Frost is using a very unemotional and detached tone of voice in describing the tragic event recorded in "Out, Out." There is no personal involvement or connection between the voice telling the story and the persons actually involved in the action.
"Call it a day, I wish they might have said" indicates the narrator's awareness of how the events played out, but there is no indication of the narrator's approval or condemnation of the way in which the boy's responsibilities and capabilities were assessed and used or abused. The narrator expresses the wish that the boy had been spared the accident and the early death that resulted.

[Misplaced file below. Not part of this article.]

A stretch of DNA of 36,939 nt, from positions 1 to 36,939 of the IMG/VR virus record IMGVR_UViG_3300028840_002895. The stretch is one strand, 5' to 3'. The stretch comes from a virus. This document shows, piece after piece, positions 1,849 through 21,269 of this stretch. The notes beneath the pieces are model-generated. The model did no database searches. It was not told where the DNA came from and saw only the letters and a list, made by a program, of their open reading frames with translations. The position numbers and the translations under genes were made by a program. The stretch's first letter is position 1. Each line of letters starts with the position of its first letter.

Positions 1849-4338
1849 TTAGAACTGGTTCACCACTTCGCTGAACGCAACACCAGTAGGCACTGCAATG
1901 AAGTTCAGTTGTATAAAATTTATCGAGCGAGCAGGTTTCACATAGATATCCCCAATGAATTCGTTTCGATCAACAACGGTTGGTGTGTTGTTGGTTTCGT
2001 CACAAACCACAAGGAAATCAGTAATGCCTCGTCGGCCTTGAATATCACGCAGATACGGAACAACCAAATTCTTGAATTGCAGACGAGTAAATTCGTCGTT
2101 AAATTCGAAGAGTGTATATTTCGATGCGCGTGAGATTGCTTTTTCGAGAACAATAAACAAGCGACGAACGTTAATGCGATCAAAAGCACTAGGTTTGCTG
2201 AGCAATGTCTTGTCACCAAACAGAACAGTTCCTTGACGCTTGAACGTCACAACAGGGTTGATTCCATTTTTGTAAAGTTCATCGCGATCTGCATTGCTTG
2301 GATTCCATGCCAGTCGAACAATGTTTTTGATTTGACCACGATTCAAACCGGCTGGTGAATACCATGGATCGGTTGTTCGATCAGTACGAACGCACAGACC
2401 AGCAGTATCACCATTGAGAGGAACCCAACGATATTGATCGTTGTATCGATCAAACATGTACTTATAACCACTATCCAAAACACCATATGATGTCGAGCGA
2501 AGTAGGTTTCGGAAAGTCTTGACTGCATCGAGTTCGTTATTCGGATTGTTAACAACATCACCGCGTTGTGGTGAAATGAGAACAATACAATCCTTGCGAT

Once the accident happens, however, the narration is very matter-of-fact and straightforward. The boy pleads with his sister - "Don't let him cut my hand off" - but the injury is too severe. The boy dies. Life goes on - "they, since they were not the one dead, turned to their affairs."
And then—the watcher at his pulse took fright.No one believed. They listened at his heart.Little—less—nothing!—and that ended it.No more to build on there. And they, since theyWere not the one dead, turned to their affairs.
frost uses a very unemotional use language. He seems to be angry by the end of ther poem. We can see this from the last line when he talks about how none cared about them itself. Also he id an observer in the poem and not part of the problem in any way